Sunday, September 25, 2016

Away and home

Coming home
I've been away in London for much of September, an enjoyably rich and emotionally satisying time which is already reduced in my mind to its essentials:  great food (in great amounts) and even greater friends. Nevertheless, the sight of the Breton coast in a glorious dawn over St Malo always raises the heartbeat as home grows closer and by the time the train rattles westward out of Rennes, I am mentally salivating in anticipation. Within an hour of reaching the longed-for destination, I am out in the forest, feeling a familiar blanket of peace and calm settle on my shoulders, smoothing out the last London frazzles, and bringing me back to the fulfilment of here and now.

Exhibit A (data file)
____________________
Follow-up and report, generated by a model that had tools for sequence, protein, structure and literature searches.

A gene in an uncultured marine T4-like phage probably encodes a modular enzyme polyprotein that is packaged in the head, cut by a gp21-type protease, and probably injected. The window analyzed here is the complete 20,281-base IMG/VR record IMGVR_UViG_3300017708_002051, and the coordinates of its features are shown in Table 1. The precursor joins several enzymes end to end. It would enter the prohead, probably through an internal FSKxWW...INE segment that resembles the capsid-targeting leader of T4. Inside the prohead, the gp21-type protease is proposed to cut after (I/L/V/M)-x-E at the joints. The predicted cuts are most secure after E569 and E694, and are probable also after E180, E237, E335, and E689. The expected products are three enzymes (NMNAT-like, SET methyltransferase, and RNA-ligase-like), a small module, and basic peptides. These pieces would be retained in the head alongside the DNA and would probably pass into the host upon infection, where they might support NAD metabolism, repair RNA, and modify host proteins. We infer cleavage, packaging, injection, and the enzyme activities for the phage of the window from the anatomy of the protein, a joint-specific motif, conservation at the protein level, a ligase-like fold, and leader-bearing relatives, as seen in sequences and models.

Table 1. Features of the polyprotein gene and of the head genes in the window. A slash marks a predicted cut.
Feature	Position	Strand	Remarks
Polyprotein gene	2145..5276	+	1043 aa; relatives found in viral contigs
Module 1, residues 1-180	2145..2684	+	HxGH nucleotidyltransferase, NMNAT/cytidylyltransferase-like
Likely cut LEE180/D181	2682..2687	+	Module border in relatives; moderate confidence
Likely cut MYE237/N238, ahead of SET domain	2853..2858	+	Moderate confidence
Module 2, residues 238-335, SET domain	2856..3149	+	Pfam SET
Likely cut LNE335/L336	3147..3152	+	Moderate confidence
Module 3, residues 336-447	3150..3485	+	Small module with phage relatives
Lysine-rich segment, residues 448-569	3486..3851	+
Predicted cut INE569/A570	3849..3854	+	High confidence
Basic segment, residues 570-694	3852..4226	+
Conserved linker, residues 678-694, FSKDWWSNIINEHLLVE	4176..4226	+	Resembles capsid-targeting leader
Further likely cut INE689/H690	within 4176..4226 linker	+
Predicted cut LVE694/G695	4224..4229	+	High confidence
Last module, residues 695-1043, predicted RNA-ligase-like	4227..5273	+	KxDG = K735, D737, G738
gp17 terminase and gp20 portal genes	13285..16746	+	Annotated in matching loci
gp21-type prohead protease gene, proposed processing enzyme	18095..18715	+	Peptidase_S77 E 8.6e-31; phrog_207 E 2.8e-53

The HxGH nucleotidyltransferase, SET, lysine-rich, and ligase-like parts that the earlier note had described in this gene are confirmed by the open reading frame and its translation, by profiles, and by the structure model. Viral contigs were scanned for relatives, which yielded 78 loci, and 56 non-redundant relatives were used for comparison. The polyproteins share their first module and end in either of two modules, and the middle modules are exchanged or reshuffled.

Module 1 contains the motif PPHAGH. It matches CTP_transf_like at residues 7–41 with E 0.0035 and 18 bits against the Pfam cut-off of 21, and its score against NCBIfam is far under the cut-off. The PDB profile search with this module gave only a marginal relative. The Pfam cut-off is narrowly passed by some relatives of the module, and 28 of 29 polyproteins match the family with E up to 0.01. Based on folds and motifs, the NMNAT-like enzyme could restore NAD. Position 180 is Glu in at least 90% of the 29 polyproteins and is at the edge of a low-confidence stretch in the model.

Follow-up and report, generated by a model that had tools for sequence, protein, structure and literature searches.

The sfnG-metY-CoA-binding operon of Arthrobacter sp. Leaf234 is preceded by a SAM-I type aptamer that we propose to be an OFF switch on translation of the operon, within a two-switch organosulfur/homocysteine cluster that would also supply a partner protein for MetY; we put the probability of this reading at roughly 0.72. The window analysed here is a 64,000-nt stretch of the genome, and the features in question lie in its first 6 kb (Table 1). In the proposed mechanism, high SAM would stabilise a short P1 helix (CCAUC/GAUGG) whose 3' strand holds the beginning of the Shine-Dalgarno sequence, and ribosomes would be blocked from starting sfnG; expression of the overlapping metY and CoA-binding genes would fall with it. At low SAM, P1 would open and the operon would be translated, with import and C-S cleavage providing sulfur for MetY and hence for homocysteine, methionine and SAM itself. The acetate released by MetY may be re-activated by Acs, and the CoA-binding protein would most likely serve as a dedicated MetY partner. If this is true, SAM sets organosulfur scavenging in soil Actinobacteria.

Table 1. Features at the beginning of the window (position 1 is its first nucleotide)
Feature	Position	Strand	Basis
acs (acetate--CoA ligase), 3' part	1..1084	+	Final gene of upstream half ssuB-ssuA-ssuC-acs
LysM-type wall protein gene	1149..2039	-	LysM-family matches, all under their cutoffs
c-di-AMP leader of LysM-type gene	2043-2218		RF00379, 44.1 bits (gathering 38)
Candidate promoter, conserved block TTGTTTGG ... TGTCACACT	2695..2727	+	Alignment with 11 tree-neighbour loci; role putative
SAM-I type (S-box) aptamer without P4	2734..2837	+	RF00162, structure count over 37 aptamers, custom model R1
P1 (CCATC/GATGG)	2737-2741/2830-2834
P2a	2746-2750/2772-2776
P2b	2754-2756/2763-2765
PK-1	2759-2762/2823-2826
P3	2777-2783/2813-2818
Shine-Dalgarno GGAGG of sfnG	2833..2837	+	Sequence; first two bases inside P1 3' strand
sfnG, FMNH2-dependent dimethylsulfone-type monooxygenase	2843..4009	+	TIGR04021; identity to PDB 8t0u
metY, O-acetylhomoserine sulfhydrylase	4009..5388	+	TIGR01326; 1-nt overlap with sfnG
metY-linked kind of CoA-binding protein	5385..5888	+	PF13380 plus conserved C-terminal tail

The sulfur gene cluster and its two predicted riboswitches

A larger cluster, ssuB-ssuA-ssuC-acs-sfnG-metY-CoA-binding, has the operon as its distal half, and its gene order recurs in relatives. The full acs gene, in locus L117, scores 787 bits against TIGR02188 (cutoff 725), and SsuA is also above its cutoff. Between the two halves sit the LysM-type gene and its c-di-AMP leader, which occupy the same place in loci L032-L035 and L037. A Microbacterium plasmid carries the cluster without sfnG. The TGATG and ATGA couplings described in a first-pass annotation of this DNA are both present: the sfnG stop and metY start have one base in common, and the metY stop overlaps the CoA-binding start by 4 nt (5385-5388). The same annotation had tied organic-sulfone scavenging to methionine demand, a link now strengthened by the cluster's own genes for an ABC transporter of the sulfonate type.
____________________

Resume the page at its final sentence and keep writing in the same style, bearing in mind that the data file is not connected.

Since then I have been working, and having fun, as a guide to American tour operator, Mindie Burgoyne, ( and her husband Dan. We have packed the last two days with visiting natural wonders in the forest, megaliths on the moors and elsewhere, and churches demonstrating the complexity of religion in Brittany, where paganism is never far from Christianity.
Enclos at Guimiiliau
Now I must get back work and finish my book on the Little Landscapes of Finistere before returning, after a ten year break, to fiction.

Sunday, September 04, 2016

The Chaos of Mardoul